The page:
Besides, increasing of turbidity effects play a key role when the natural clarity of the water is good and when the covered areas have a rich flora and fauna. With respect to fauna, only those species that can survive with the natural sand transport are present. Normally, the major part of dredging operations takes place under water. For the sand dredging, Turbidity is not expected to affect the aquatic life. For the rock dredging, no problems are generally expected as well. Repopulation of the dredged area by benthic animals will depend on the magnitude, the disturbance, and water quality for borrow sites materials. The borrow site will be colonized by migration of organisms from adjacent areas. The stability and bottom sediments at the site after dredging are major factors in determining species re-colonization. Conceivably, mobile animals will be least affected by borrowing operations because of their ability to escape from any disturbed area.

One of the most important points to be checked is the impact of the project existence on the morphological system in the area. The corresponding problems as erosion/accretion are also required to be investigated and evaluated. At the beginning, a preliminary evaluation can be done via applying the suitable formulae for the studied area. This comes via considering some assumptions and approximations. The main points, which should be considered within that evaluation, are as follows (U.S. Army Corps of Engineers [14]). The first point is that what is the approximate expected rate of sediments to pass through the project area before the port construction? The second is that will the port existence cause severe problems in the port vicinity? This point should be discussed for all the proposed development phases of the selected alternative considering that they will be constructed in the scheduled time table. The third is that is there a possibility for sedimentation problems to occur within the access channel and the basin area? This point should be discussed in case of constructing the port in the scheduled time phases or stopping in a certain development phase, (Ligteringen [12] and U.S. Army Corps of Engineers [14]). The fourth point is that answering these questions needs a detailed morphological study to give the accurate answers. An important step is to evaluate the total longshre sediment transport (littoral drift) in the port area vicinity. This normally makes an important part of the total environmental impact assessment. Many formulae are internationally used for the required purpose of littoral drift evaluations. Good examples for the most common ones are CERC and Kamphuis formulae, U.S. Army Corps of Engineers [14].

In the following discussion, these two equations and their applicability boundaries will be disused in details, (U.S. Army Corps of Engineers [14]). The main purpose of this study is to be a direct effective step forward in both port development work and research for the improvement of previous research and engineering studies in that field.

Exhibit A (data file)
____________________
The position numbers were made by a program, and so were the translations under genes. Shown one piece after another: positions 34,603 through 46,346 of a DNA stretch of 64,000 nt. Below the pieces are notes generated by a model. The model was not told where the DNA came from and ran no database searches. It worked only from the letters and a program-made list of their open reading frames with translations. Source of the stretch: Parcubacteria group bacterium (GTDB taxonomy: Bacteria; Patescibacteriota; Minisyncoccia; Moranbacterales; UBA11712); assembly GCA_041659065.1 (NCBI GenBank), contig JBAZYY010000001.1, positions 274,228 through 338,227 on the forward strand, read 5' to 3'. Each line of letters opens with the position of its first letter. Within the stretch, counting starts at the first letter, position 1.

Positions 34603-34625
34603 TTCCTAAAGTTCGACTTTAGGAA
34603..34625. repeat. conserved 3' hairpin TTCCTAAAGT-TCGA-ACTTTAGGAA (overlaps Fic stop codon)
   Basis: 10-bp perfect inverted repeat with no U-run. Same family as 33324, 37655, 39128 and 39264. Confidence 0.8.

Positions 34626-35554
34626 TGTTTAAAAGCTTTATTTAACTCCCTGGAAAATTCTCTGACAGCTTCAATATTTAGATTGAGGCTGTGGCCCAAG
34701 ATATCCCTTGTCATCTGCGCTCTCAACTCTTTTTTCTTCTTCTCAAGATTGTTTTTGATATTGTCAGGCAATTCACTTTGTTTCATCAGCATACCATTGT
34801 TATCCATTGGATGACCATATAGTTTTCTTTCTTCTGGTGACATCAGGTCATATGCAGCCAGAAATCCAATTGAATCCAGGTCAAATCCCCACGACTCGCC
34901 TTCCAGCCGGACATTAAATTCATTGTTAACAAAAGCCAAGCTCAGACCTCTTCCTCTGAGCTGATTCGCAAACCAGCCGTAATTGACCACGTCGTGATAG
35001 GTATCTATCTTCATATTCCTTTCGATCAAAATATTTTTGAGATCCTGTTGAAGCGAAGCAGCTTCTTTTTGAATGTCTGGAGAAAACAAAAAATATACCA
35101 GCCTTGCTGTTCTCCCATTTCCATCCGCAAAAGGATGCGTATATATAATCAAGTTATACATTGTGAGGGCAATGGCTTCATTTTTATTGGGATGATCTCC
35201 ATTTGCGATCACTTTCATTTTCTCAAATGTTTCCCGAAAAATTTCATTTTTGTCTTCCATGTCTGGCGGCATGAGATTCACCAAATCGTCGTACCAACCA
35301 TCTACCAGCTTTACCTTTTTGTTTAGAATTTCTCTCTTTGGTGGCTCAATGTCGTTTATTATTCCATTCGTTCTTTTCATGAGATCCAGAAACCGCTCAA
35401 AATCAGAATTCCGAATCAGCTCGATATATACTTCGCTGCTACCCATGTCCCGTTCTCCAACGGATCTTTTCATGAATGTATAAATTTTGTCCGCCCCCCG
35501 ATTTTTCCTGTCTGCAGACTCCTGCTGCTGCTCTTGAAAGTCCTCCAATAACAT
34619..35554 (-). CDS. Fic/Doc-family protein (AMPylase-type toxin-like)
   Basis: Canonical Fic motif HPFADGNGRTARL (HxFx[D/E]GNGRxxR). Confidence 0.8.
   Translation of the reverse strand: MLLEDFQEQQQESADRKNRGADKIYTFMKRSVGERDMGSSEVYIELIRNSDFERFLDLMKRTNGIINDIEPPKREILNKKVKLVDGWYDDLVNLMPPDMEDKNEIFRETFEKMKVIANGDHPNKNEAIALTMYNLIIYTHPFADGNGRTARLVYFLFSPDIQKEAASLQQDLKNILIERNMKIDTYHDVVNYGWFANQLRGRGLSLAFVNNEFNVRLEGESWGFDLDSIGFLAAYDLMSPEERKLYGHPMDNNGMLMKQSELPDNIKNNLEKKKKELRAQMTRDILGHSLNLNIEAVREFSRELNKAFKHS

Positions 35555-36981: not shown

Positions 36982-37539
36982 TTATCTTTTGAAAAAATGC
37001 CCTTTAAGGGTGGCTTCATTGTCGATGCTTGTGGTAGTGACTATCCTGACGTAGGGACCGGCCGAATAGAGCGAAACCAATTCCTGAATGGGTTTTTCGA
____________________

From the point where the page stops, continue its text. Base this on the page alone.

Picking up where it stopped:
2. Methodology

2.1. CERC Formula

It is the most widely used formula in coastal engineering practice all over the world. It was originally developed by the US-Corps of Engineers in 1984. It relates the immersed weight (I) of the longshore sediment transport rates to wave energy flux. It works based on the proportionality principle of both the volume of transported fine sediments (Qt,vol) and the beach longshore wave power per unit length, as given in equations (1) through (6), (Khalifa et al [9]; Khalifa et al [10]; Khalifa et al [11] and U.S. Army Corps of Engineers [14]).



I = longshore transport rate (immersed weight)

K = coefficient for the CERC (=0.39), the value that is derived from the carried out original field study by Komar and Inman (1970) by using tracers

E = wave energy at breaker line, Hrms,br = root mean square wave height at breaker line.

Cg,br = nbr*cbr = wave group celerity at breaker line (m/s)

θbr = wave angle at breaker line (between wave crest line and coastline; or between wave propagation direction and shore normal direction (degree)

Cbr = phase velocity of the waves at the breaker line (= g*hbr)0.5

hbr = water depth at the breaker line (m)

nbr = coefficient at breaker line

Hs = the significant wave height (equals 1.414*Hrms)

ρw = 1030 kg/m3 (salt water density)





Qt,vol = longshore sediment transport by volume, The sediment transport by dry mass, (m3/s, including pores);

P = the porosity factor (= 0.40)

Hs,br = significant wave height at the breaker line (m)

ρs = sediment density (kg/m3)

Applying nbr ≈ 1, cbr ≈ (g hbr)0.5, and (γbr = Hbr/hbr), it follows as given in equations (5) and (6):



Qt,mass = longshore sand transport (kg/s; dry mass)

Hs,br = significant wave height at breaker line (m)

2.2. KAMPHUIS Formula

Based on both the dimensional analysis and the carried out calibration by using both the laboratory work and field data (with median grain sizes in the range of d50 = 200 to 600 μm and surf zone slopes in range of tan (β) = 0.015 to 0.15), the longshore transport as immersed mass (kg/s) is given as presented in equation (7), (Khalifa et al [9]; Khalifa et al [10]; Khalifa et al [11] and U.S. Army Corps of Engineers [14]).



2.33 = coefficient, to be used with the units for other parameters in the formula as given under.

Qt,im = longshore sediment transport (immersed mass) (kg/s); the dry mass is related to the immersed mass by [Qt,mass = s/(s-w)*Qt], immersed mass (kg/s) and the conversion factor is about 1.64

Tp = wave peak period (s)

mb = the beach slope near the breaking, i.e., the slope over one or two wavelengths seaward of the breaker line